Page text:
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Talking To The Taliban – Analysis

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By Kabir Taneja

The so-called US–Taliban “peace” deal signed between US Special Representative Ambassador Zalmay Khalilzad and the Taliban on 29 February is hanging by a thread as both Kabul and Washington DC significantly diverge on the issue of how to deal with the Taliban. Over the past week, the terror strike on a Kabul hospital’s maternity ward, killing women and newborns, has divided the administration of US President Donald Trump and the government of President Ashraf Ghani further. The US blamed IS Khorasan (IS-K) for it, while Kabul blamed the Taliban.

Washington meanwhile has remained committed to the withdrawal of its troops, and amidst the ensuing violence and political distancing between Ghani and Trump. multiple layers of the Afghan conflict are coming to the front. The attack on a Gurudwara in Kabul on 25 March killing 25 people, claimed by the IS-K, underscored the fact that Indian interests targeted by Pakistan backed entities were now going to be under a larger magnifying glass as Pakistan pushes more for the US–Taliban deal to materialise and institutionalise. The US withdrawal comes as a fire sale for Pakistan’s views on its neighbours on both sides of its border.

The Afghan theatre is changing fast with a rapid US withdrawal inevitable as the country moves towards elections later this year and battles the COVID-19 pandemic as well — both prickly domestic political issues. However, the increasing chaos is coming as good news for the Taliban to double down on their image as a group staying true to their words on the Doha deal, and preparing to step into a larger mainstreamed political role in Kabul tomorrow when the opportunity arises.

Even before the February deal, Taliban had managed to clock significant air miles, travelling from Oslo to Beijing, raking up a public posture that it seeks peace and an end to a 19-year long conflict. The outlier in this effort since the Doha negotiations began has been New Delhi, with great stakes in the Afghanistan story, but finding itself in between a rock and a hard place as far as engaging with the Taliban is concerned.

Whether to talk to the Taliban or not is not a new conundrum in India’s security discussions, and opinions have been divided not just in public discourse but the power centres as well. Indian diplomacy has kept its distance, with no official representation attending the Taliban talks hosted by Moscow in November 2018, with two former Indian ambassadors attending instead. At the official signing of the US–Taliban deal, India’s ambassador in Doha attended at the invitation of the Qatari government, but as did many other diplomats and international representatives. It was a theatrical event.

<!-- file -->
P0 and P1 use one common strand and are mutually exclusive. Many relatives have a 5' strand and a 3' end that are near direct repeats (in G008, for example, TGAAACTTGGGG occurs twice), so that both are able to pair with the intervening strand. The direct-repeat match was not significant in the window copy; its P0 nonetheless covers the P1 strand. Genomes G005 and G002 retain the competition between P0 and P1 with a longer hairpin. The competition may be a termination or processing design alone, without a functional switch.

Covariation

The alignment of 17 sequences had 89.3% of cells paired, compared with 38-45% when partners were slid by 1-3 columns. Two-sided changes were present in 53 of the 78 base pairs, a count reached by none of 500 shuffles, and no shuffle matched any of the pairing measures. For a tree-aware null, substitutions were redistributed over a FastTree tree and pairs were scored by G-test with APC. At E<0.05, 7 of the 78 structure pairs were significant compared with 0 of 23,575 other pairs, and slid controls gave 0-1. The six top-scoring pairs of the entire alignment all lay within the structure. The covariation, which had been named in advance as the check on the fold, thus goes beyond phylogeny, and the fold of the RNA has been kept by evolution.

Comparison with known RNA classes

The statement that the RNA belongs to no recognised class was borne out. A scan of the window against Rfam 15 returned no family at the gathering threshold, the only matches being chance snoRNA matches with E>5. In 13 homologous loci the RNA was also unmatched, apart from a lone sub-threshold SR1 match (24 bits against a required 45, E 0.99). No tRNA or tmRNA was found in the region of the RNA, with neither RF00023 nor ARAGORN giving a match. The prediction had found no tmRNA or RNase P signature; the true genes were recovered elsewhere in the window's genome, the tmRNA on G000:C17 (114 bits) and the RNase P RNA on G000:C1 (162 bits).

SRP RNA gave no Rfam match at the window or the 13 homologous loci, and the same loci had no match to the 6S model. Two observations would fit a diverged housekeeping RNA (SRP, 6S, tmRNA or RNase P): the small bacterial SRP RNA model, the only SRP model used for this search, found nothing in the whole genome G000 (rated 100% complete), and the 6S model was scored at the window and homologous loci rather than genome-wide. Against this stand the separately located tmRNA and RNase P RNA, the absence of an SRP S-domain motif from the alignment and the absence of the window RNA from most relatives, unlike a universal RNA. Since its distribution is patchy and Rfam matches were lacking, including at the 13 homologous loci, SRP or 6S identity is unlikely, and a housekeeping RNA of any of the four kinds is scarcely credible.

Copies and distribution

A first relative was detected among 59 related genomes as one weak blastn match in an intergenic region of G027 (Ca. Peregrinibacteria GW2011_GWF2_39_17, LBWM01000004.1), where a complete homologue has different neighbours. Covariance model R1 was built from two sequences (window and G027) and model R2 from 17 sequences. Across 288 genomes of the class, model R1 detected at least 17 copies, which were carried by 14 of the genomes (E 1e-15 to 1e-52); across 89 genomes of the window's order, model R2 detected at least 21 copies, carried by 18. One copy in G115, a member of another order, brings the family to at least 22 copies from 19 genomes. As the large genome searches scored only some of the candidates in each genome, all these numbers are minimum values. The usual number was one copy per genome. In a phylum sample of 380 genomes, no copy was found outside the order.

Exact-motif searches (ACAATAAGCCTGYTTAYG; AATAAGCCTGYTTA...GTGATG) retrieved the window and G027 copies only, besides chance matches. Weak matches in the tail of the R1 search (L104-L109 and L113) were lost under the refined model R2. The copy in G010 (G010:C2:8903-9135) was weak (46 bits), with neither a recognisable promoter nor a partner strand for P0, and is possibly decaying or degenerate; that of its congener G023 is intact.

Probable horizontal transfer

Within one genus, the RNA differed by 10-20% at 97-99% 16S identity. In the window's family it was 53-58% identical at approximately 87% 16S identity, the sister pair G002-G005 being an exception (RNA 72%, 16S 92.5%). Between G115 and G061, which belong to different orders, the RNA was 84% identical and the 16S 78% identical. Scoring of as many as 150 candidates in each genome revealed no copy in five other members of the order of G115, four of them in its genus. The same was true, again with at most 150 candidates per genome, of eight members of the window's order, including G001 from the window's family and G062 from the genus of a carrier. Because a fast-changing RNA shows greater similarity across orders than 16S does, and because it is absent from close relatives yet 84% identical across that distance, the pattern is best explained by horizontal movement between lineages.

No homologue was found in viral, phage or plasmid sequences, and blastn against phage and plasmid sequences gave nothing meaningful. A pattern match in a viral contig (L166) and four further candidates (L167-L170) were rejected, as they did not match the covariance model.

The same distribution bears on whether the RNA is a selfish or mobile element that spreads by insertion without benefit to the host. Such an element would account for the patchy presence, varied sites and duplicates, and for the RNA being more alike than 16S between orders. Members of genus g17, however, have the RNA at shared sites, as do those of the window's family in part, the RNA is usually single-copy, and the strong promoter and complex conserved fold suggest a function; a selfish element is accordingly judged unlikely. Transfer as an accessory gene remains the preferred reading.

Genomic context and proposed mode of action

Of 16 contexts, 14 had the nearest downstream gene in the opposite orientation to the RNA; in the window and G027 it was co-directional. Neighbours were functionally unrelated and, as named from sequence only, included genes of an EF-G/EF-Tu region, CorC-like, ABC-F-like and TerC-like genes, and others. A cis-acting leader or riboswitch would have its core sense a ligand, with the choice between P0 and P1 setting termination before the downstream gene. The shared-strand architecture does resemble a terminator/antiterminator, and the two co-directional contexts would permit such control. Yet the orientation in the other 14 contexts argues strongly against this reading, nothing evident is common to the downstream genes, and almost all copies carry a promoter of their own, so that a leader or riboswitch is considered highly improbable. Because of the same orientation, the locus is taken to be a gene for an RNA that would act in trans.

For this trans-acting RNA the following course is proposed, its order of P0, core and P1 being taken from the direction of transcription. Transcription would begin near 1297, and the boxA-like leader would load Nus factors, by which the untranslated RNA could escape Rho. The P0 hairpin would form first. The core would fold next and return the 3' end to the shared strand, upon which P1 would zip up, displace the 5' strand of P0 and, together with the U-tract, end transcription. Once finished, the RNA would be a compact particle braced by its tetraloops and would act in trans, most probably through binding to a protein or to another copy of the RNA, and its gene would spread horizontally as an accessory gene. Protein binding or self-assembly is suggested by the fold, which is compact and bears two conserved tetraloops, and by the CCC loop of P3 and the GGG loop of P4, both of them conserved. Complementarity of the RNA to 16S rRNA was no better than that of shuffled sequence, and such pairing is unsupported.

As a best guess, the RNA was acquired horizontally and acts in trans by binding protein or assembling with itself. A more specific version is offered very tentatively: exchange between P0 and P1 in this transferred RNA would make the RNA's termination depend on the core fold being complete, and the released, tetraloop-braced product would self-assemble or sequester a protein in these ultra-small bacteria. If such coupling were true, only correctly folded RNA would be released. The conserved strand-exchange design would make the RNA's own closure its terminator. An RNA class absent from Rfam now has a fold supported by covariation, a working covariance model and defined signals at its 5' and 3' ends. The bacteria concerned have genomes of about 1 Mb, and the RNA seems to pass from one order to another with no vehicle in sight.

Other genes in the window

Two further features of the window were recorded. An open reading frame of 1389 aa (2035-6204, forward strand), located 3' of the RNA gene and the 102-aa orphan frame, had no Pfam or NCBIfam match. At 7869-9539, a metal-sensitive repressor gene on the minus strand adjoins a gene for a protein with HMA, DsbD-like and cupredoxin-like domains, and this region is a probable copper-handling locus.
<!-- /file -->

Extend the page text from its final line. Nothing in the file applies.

India has maintained that there is no such thing as a ‘good’ or ‘bad’ Taliban, and that it views the group under a single umbrella. While diplomatically this has been a long-standing policy, there have been digressions from other top-level officials. In January 2019 at the Raisina Dialogue in New Delhi, the then Indian Army Chief and now Chief of Defence Staff, General Bipin Rawat, advocated for talks without any preconditions with the Taliban, adding that India cannot be left out in this regard. This comment was made when Ambassador Khalilzad was in the capital to brief the top brass of Prime Minister Narendra Modi’s government.

The Taliban itself, in its current emboldened state as it stands on the cusp of a large US withdrawal interestingly has been engaging with India one-way through the media. In the time of the COVID-19 pandemic, the Taliban welcomed Indian aid given to Afghanistan, continuing its narrative from earlier where in May 2019 it had said that it looks for positive relations with all of the neighbouring countries including India. Interestingly, Taliban spokesperson, Mohammed Suhail Shaheen, also appeared in an online conversation with the Indian think tank Global Counter Terrorism Council to discuss the US–Taliban agreement, where Shaheen reiterated the group’s long-standing position that it looks at the government of President Ashraf Ghani as illegitimate, a government that New Delhi backs as part of the country’s democratically elected parliament. To maintain a counter-balance from the Pakistan side, Taliban’s chief negotiator Abbas Stanikzai in an interview to Radio Pakistan said that India has “always played a negative role” and “always supported traitors” in Afghanistan. In further statements, he has reportedly also said that the Taliban is ready for talks with New Delhi if India “reviews its current policies” and plays an “effective and active role” in the Afghan peace process and reconstruction. Of course, the Taliban’s critical views on India can be traced back to the latter’s support of the Northern Alliance and Ahmad Shah Masood in the 1990s that fought a defensive war against the Taliban.